BTW, Speaking about justice…

What Happens to all Those Stolen Drugs

Posted on: March 20, 2010


In response to yesterday’s story about the robbery of an Eli Lilly warehouse in Connecticut, our Ian Yarett talked to Dan Burges, the director of intelligence at FreightWatch International. Some of what he found out:

How frequently do prescription-drug heists occur?
In the early part of the last decade, there was some pharmaceutical theft going on, but there wasn’t a lot of attention placed on it. But in 2005 and 2006, it really took off. We reported 35 pharmaceutical thefts in 2007, and 46 each in 2008 and 2009. Thefts from trucks are most common; only three of the 2009 incidents were warehouse thefts. There have been 10 pharmaceutical thefts thus far in 2010, including the most recent Eli Lilly one.

What does this amount to in the grand scheme of things?
Well, 46 total pharmaceutical cargo thefts aren’t a huge number compared to, say, electronics thefts, which might occur 150 times over the course of a year. In our database, pharmaceutical thefts made up only about 5 percent of the total volume of theft incidents in 2009. But in terms of monetary value, pharmaceutical theft is astronomical. Cargo theft in the pharmaceutical industry in 2009 amounted to an average of $4 million per loss. The only thing that even comes close to that is the cell-phone industry, which averaged just over $2 million per loss.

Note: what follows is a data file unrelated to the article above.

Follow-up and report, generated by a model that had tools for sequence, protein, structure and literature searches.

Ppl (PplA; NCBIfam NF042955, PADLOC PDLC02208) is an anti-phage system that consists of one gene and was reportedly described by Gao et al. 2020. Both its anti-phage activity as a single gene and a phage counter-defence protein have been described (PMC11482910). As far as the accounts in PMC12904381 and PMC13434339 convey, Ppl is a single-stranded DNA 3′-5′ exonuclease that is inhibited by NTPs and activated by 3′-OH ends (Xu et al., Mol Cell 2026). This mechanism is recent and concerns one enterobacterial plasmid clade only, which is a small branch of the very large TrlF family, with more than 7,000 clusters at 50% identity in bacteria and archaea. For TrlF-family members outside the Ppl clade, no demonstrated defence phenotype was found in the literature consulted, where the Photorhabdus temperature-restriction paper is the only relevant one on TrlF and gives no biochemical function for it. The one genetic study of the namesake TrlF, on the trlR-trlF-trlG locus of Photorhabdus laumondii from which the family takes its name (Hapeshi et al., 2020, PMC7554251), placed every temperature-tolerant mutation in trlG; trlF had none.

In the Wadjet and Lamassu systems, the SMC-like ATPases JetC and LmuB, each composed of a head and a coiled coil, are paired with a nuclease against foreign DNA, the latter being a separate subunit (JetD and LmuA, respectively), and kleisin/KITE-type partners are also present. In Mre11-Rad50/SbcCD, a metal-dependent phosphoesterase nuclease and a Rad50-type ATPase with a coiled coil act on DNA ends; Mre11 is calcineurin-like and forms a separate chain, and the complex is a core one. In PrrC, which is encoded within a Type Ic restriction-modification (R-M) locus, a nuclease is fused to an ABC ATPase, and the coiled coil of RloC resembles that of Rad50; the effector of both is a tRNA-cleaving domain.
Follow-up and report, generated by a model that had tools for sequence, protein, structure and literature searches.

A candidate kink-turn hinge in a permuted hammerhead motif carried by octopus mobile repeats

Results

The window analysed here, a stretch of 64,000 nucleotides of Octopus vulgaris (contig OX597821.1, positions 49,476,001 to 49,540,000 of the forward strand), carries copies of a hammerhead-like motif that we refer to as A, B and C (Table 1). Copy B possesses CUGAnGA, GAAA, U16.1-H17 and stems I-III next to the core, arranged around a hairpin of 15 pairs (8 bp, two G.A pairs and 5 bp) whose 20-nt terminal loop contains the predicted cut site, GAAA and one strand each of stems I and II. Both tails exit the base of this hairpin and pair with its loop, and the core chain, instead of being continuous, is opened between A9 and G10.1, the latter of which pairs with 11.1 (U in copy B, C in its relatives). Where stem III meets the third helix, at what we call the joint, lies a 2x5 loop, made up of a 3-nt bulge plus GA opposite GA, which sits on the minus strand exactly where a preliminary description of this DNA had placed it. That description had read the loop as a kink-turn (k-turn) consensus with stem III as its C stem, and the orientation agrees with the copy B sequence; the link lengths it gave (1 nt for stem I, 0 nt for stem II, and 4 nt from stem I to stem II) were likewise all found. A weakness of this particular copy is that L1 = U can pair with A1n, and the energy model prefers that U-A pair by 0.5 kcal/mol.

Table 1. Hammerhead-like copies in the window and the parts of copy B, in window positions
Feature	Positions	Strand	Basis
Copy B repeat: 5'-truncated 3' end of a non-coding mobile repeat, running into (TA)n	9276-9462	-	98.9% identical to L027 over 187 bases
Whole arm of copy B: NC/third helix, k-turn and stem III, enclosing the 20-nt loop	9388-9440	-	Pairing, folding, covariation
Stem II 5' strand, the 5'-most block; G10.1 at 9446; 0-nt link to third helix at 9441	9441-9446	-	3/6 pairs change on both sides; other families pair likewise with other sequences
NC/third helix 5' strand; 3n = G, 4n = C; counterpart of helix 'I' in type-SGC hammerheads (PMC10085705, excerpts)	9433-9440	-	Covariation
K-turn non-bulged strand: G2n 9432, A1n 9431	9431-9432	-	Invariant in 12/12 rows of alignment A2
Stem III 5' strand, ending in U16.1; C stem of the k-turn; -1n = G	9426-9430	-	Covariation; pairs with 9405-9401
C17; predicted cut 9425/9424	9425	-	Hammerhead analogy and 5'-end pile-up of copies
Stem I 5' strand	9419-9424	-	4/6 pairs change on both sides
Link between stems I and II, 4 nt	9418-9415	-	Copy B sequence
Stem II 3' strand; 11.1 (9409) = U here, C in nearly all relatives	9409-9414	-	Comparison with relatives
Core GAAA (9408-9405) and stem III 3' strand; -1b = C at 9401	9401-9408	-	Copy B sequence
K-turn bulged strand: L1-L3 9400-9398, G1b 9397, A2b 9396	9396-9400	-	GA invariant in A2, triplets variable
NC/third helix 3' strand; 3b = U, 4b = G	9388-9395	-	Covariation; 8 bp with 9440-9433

Where do the stolen drugs generally end up?
In the United States, the most common route is down to South Florida, the Miami-Dade area. Then, drugs are shipped to Latin America, or sometimes Asia, often for sale on the black market and/or for counterfeiting purposes. There have also been reports of product being repackaged and reintroduced into the U.S. market or into other areas. In other cases, drugs are sold directly in the U.S. market, typically through nefarious online retailers. But I think it’s pretty unlikely that a U.S. hospital or pharmacy would acquire stolen pharmaceuticals.


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Lishia Erza

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